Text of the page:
If you are new at your job
Being new at a job doesn't affect your application for getting a mortgage – as long as you are receiving either a salary or a full-time hourly rate. Some lenders even grant loans to individuals who haven't gotten their first paycheck if they have a fully executed employment contract.
If you earn commissions
If you are a salesperson who earns a commission, you would need to provide two full years of tax returns to determine non-reimbursed business expenses you wrote off.
Before applying for a mortgage, ensure you take a second look at all your finances and identified anything that could act as a deterrent so that your application has the best chance of being approved.
Mortgage scams are everywhere, and many times are well disguised so they can be hard to uncover. Not all mortgage lenders have your interest at heart so when you go out for a mortgage loan, keep an eye on these warning signs and Mortgage scams are everywhere, but this time around they come like a wolf in sheep clothing, so it is pretty hard to uncover them. Not all mortgage lenders have your interest at heart so when you go out for a mortgage loan, keep an eye on these warning signs and be prepared to run away from any lender who does the following shady actions:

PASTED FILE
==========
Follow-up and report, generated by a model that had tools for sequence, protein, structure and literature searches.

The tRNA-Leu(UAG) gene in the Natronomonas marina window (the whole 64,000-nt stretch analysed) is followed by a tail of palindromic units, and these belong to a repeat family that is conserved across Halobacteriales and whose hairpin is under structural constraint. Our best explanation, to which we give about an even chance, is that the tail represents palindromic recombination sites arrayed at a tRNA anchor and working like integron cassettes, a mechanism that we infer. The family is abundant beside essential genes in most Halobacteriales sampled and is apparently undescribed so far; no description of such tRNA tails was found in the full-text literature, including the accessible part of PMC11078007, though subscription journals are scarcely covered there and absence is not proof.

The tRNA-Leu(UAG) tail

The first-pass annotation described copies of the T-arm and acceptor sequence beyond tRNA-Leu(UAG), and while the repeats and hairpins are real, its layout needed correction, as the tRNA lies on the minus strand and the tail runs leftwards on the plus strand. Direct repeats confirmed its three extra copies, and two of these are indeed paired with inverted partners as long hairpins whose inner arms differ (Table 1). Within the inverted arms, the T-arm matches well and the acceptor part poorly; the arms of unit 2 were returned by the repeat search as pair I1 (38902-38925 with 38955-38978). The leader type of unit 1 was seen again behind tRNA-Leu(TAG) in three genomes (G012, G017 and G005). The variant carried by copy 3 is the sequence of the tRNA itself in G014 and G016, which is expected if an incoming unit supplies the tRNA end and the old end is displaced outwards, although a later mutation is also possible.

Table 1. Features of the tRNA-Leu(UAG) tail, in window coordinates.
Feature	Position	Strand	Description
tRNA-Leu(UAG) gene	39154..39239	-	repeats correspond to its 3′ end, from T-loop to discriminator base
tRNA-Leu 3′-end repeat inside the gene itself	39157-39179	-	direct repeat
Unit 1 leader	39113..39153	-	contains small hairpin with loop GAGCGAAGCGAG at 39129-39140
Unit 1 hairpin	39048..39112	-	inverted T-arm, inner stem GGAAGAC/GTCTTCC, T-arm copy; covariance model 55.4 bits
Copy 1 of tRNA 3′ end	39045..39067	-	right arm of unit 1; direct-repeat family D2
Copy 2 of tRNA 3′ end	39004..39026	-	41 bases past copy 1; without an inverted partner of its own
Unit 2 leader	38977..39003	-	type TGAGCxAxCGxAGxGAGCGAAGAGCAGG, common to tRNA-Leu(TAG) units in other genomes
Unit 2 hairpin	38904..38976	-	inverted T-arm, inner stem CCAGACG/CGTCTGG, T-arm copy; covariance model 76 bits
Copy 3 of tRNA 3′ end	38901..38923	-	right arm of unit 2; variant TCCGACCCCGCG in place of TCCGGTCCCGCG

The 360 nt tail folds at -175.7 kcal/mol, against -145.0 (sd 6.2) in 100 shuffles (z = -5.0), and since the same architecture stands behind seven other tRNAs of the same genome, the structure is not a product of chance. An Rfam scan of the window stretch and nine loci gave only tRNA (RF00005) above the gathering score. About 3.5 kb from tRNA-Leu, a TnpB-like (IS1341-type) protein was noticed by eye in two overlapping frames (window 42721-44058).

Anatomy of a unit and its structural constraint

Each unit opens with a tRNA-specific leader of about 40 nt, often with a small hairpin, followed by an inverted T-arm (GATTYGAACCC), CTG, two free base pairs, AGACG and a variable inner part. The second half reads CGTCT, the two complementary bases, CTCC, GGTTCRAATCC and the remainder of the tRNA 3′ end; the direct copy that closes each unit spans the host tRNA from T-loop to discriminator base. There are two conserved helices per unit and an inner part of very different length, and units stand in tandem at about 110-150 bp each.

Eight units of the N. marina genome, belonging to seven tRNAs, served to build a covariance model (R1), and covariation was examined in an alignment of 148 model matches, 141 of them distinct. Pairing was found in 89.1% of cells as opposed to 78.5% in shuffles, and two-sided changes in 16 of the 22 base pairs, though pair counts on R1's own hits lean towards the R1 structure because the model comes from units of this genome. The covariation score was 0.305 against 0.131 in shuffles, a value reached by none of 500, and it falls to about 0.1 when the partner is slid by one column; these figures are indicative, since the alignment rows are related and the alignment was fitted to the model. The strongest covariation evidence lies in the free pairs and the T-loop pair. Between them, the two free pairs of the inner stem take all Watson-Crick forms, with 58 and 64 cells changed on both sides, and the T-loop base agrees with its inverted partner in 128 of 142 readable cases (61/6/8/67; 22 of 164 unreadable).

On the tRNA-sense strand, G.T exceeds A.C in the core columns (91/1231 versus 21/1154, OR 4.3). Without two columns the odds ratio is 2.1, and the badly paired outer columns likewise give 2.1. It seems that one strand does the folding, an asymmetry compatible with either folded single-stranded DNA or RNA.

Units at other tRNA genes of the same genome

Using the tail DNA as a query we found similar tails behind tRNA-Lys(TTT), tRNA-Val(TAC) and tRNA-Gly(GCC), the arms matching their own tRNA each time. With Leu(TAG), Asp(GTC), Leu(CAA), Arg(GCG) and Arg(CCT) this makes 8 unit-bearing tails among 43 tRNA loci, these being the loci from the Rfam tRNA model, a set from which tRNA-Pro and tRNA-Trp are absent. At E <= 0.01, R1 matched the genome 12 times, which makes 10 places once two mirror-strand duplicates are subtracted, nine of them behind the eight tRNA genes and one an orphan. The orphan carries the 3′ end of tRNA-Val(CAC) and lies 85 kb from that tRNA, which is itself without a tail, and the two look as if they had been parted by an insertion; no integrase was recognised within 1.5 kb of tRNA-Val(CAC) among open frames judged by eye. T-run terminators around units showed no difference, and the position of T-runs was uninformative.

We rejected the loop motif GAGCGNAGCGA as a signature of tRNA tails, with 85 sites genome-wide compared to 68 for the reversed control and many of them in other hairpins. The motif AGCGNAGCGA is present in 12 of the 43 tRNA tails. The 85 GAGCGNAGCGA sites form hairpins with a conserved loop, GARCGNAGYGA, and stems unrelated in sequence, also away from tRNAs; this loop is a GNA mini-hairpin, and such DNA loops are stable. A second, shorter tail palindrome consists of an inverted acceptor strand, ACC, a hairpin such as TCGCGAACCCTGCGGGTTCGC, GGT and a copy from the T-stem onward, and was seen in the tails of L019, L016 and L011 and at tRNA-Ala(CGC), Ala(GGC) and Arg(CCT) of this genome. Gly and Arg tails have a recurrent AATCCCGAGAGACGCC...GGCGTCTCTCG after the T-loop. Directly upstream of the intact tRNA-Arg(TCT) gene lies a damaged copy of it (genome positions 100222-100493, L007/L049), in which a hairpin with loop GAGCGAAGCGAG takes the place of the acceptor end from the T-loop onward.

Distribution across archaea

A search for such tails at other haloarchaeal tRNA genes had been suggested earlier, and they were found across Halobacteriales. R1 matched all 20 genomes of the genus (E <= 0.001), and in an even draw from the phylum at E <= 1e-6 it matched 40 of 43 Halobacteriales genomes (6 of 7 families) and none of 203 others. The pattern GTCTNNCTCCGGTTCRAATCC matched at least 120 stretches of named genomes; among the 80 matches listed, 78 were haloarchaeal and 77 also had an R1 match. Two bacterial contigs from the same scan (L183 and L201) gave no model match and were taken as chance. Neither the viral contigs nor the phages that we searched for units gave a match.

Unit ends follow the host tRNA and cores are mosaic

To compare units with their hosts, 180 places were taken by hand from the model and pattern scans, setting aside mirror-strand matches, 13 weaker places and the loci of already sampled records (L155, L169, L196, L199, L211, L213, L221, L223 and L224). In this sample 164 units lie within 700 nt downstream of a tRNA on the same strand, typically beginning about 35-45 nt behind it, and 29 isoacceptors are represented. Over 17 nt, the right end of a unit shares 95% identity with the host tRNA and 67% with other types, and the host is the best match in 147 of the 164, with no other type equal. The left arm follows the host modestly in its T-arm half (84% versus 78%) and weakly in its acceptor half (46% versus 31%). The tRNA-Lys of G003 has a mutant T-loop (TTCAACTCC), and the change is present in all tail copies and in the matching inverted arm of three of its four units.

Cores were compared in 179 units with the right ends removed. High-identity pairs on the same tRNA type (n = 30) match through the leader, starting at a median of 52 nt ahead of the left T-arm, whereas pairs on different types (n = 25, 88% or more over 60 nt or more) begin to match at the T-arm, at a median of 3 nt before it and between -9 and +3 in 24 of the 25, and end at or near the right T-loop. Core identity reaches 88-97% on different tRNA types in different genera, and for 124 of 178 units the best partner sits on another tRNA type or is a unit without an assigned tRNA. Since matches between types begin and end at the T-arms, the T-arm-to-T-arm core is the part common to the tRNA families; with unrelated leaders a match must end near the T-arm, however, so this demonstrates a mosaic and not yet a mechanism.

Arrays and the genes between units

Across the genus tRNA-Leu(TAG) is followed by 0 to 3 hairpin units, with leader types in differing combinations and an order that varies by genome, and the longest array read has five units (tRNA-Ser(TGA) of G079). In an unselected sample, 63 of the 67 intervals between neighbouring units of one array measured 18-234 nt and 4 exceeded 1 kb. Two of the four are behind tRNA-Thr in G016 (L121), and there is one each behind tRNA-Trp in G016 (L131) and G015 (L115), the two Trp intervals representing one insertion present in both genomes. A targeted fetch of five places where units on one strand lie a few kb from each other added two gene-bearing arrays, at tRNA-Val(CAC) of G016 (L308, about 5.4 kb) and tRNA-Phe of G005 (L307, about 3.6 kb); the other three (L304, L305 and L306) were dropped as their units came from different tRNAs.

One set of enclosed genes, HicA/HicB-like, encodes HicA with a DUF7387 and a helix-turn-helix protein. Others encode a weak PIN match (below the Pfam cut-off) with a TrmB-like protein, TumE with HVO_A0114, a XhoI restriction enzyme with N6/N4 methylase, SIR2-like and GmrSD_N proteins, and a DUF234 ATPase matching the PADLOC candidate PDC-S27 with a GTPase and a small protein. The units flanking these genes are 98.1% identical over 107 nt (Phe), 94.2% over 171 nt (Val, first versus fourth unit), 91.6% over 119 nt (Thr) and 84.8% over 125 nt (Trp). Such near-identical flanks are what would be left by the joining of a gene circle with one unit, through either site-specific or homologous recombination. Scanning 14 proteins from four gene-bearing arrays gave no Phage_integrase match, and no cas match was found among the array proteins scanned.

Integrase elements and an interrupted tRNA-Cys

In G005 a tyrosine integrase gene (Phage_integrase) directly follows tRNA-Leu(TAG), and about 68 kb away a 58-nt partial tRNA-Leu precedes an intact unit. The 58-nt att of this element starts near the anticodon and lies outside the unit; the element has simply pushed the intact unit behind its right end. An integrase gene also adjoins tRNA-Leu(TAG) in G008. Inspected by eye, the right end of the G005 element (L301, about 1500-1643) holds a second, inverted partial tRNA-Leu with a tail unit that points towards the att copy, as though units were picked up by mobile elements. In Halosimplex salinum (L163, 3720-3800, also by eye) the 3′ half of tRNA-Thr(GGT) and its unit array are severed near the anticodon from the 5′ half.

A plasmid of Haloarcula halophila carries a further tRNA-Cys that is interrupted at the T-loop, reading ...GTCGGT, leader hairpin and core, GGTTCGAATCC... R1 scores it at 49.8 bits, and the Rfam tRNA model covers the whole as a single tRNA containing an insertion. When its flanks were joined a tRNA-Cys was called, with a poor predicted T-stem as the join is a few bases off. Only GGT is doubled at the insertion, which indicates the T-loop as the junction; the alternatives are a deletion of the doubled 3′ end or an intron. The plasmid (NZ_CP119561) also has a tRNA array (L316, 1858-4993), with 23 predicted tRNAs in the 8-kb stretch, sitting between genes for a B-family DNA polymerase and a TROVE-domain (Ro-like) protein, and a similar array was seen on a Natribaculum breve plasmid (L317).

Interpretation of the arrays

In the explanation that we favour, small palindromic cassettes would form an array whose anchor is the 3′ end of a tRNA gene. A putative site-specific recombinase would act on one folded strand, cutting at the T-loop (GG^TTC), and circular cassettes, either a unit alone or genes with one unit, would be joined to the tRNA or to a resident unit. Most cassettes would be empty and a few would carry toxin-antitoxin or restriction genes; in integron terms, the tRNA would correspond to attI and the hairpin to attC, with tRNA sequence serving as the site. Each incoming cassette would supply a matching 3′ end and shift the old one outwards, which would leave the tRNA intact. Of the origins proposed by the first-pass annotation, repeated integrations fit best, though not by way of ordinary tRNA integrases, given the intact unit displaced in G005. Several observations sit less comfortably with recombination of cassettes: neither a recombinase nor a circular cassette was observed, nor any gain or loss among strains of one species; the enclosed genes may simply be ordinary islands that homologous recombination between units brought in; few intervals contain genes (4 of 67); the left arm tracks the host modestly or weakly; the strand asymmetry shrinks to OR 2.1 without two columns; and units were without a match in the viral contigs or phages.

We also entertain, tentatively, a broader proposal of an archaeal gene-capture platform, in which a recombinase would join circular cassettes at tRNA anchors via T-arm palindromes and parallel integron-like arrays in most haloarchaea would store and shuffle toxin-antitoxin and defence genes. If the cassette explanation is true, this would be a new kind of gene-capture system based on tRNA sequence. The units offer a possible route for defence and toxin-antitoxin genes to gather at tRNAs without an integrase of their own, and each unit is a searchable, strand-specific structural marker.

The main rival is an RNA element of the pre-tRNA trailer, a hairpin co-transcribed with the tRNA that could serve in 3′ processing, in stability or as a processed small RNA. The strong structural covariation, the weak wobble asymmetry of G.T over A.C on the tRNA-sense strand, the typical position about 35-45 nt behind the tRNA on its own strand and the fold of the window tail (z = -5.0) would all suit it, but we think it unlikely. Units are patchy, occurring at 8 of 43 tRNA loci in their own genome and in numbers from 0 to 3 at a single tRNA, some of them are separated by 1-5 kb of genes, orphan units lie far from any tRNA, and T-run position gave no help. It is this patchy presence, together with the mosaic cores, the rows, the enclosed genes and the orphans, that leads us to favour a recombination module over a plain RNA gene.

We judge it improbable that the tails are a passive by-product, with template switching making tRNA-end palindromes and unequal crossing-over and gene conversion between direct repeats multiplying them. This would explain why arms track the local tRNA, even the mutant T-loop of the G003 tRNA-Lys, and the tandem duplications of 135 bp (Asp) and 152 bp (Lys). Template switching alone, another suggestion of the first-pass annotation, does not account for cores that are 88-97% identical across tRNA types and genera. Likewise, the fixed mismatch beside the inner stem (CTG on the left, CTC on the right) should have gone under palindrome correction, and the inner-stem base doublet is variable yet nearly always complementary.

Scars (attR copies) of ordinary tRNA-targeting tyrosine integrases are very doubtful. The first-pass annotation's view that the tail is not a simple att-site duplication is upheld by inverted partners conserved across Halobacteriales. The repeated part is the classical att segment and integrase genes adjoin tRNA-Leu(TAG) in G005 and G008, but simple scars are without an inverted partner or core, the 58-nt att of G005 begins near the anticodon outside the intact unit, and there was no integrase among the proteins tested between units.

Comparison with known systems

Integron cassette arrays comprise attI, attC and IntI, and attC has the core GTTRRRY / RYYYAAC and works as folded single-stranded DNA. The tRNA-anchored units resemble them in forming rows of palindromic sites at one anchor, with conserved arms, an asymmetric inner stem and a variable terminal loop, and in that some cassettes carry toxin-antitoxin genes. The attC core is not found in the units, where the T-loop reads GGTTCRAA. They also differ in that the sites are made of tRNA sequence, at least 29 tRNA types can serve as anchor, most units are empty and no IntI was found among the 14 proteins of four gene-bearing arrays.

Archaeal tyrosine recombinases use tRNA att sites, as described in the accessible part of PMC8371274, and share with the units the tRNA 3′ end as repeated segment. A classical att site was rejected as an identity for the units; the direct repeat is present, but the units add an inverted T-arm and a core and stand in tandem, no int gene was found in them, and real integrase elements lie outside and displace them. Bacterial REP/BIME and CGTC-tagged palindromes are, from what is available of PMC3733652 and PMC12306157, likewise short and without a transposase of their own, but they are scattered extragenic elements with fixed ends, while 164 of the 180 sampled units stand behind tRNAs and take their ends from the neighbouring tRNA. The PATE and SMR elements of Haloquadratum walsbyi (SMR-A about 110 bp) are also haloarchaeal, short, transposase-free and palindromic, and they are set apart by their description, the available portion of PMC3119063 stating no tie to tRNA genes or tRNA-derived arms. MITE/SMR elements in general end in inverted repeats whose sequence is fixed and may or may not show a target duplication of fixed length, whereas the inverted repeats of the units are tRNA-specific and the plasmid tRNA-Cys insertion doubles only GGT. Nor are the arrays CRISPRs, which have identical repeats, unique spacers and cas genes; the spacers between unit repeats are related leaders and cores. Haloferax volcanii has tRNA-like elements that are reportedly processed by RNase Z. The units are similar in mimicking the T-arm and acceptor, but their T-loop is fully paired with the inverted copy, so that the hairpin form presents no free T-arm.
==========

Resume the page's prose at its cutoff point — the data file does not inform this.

They pressure you to borrow more than what you want or need
Even though you are eligible for a certain sum of money that does not mean you have to spend heavily on buying a home. Paying less on a home purchase will prevent you from living from hand to mouth in your new home. An honest lender understands and will respect your choice to borrow less than you can afford instead that encouraging you to overspend or splurge on a house.
They rush you into signing documents without reading it
Getting a mortgage is complicated. There are piles of complicated paperwork, so it is crucial that you wrap your head around every document before putting your pen on it. If a lender encourages you or uses the familiar phrase "Everything is fine," it is best you withdraw yourself f from the mortgage. No matter how busy the bank may be, they would give you time to read through the papers.
They don’t give you a Good Faith Estimate